Light waves

Photobiomodulation (PBM), also known as phototherapy, light therapy, luminotherapy and light therapy, uses the properties of a wave/photon duality to generate interactions with living tissue:

  • it relies on light radiation to stimulate cells in the epidermis, dermis and hypodermis.
  • It uses the colours (waves) of light (excluding UV), each of which has a specific length and therefore a distinctive property: healing, analgaesic, anti-inflammatory, etc. 

To date, the waves mainly used by Photobiomodulation are

  • blue – which acts on the surface of the skin, on the epidermis
  • red – which acts throughout the dermis
  • infrared – which passes through the dermis and works in the hypodermis.

Blue Light waves

Antiseptic and astringent, blue stimulates the parasympathetic system, reduces blood pressure and calms breathing and heart rate, tones the nervous system and helps relaxation.

Blue light is known to be effective in treating acne and other skin eruptions: it leads to the photo-excitation of bacterial porphyrins, to the production of oxygen and subsequently to bacterial destruction. It is also used in maternity wards to treat neonatal jaundice (hyperbilirubinemia).

Green Light waves

A sedative, refreshing and restful colour, green regulates the pituitary gland, combats stress, depression, bulimia and psychosomatic disorders. By lowering blood pressure, it slows down the metabolism, thus rebalancing the nervous system and helping to relieve insomnia, combat irritability and help recover from nervous breakdowns.

Green light is appropriate for tumours, ulcers, cysts, diabetes, eye diseases, bronchial asthma, bronchitis, whooping cough and arthritis. It is absorbed by melanin, which helps to reduce or prevent hyperpigmentation (discolouration of the skin that can be caused by the appearance of unsightly spots, such as red patches, and age spots).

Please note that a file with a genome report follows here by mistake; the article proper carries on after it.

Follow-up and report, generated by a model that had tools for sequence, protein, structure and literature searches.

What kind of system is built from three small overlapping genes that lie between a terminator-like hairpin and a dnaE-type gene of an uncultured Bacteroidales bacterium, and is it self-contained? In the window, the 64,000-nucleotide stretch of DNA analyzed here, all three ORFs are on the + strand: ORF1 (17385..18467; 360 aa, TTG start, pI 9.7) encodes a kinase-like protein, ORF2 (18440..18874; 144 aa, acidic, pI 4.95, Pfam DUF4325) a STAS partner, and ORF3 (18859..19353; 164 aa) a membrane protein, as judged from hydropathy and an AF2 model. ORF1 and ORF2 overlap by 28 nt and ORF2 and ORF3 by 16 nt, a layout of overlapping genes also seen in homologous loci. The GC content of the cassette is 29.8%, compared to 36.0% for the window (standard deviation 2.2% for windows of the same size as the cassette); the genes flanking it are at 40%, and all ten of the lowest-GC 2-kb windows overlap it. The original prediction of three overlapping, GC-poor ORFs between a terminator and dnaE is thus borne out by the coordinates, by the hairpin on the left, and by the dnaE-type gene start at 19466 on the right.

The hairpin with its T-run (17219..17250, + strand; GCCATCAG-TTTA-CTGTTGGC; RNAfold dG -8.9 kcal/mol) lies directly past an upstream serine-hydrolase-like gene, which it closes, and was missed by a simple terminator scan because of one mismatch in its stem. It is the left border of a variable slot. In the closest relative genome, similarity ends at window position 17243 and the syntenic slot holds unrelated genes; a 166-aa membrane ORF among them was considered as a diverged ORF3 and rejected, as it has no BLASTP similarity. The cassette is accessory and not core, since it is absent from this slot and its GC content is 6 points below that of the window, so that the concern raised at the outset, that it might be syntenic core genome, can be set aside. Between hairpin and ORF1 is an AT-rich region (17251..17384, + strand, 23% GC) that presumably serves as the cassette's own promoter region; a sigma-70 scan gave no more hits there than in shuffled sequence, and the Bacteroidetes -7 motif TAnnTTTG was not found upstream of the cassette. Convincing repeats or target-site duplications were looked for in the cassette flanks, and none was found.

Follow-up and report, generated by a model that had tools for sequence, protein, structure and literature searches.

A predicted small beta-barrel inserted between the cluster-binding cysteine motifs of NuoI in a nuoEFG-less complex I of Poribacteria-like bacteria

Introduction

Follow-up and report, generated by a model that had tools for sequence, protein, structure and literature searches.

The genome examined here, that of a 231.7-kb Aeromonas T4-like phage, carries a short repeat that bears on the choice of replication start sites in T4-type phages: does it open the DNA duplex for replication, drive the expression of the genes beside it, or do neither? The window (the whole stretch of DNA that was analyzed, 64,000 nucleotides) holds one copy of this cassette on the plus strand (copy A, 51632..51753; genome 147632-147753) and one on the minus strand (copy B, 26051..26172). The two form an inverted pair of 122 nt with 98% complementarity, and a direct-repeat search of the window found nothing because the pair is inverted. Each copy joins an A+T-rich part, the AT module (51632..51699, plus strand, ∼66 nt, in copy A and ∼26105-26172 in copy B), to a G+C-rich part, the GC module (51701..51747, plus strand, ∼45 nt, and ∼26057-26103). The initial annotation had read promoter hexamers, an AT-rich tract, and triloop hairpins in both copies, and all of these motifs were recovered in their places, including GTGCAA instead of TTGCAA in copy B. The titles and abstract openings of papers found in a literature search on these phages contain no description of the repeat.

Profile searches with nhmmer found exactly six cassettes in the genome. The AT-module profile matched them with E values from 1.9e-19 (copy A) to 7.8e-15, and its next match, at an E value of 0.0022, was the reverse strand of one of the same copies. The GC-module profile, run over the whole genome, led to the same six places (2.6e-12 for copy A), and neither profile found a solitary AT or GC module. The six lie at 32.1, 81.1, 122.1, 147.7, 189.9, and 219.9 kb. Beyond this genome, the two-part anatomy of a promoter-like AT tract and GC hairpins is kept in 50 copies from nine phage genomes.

Yellow Light waves

A toning, but not exciting colour, yellow helps with skin problems: skin retention, pore dilation, scar reduction, and helps with eczema.

The yellow light allows the reduction of the production of interstitial collagenase (MMP1) induced by UV rays or thermal shock. It calms the nervous system, accelerates digestion and transit; it is also a mental anti-fatigue and anti-melancholy agent that helps to fight depression.

Red Light waves

A so-called universal colour in phototherapy, red has anti-inflammatory, antiseptic and healing properties. It relieves pain, muscle sprains and stress, calms burn, improve blood and lymphatic circulation, arthritis, soothes headaches, stings and bites and deflates oedema.

Red light promotes blood circulation because it increases haemoglobin, releases adrenaline, stimulates the liver and activates vital functions. It releases cytokines that stimulate the proliferation of fibroblasts and the production of growth factors. It also acts on the skin: rejuvenation, hydration and rehydration, toning, reduction of wrinkles and fine lines that appear on the skin tissue.

Infrareds light waves

An energetic colour, it penetrates to a depth of about 3 to 4 cm, making it effective for bones, joints and deep muscles. Its energy corresponds to the body’s own radiant energy, so that around 93% of the infrared waves that reach the skin are absorbed by the tissue.

Infrared light can be used to relieve pain in the treatment of sub-acute or chronic inflammation, trauma, adhesions due to scarring and sore nerves, and other musculoskeletal disorders.

Infrared light ‘boosts’ fibroblast activity and inhibits collagenase and hyaluronidase. It is also indicated in medical studies to reverse peripheral neuropathy (nerve damage causing pain or numbness) that can occur in diabetics.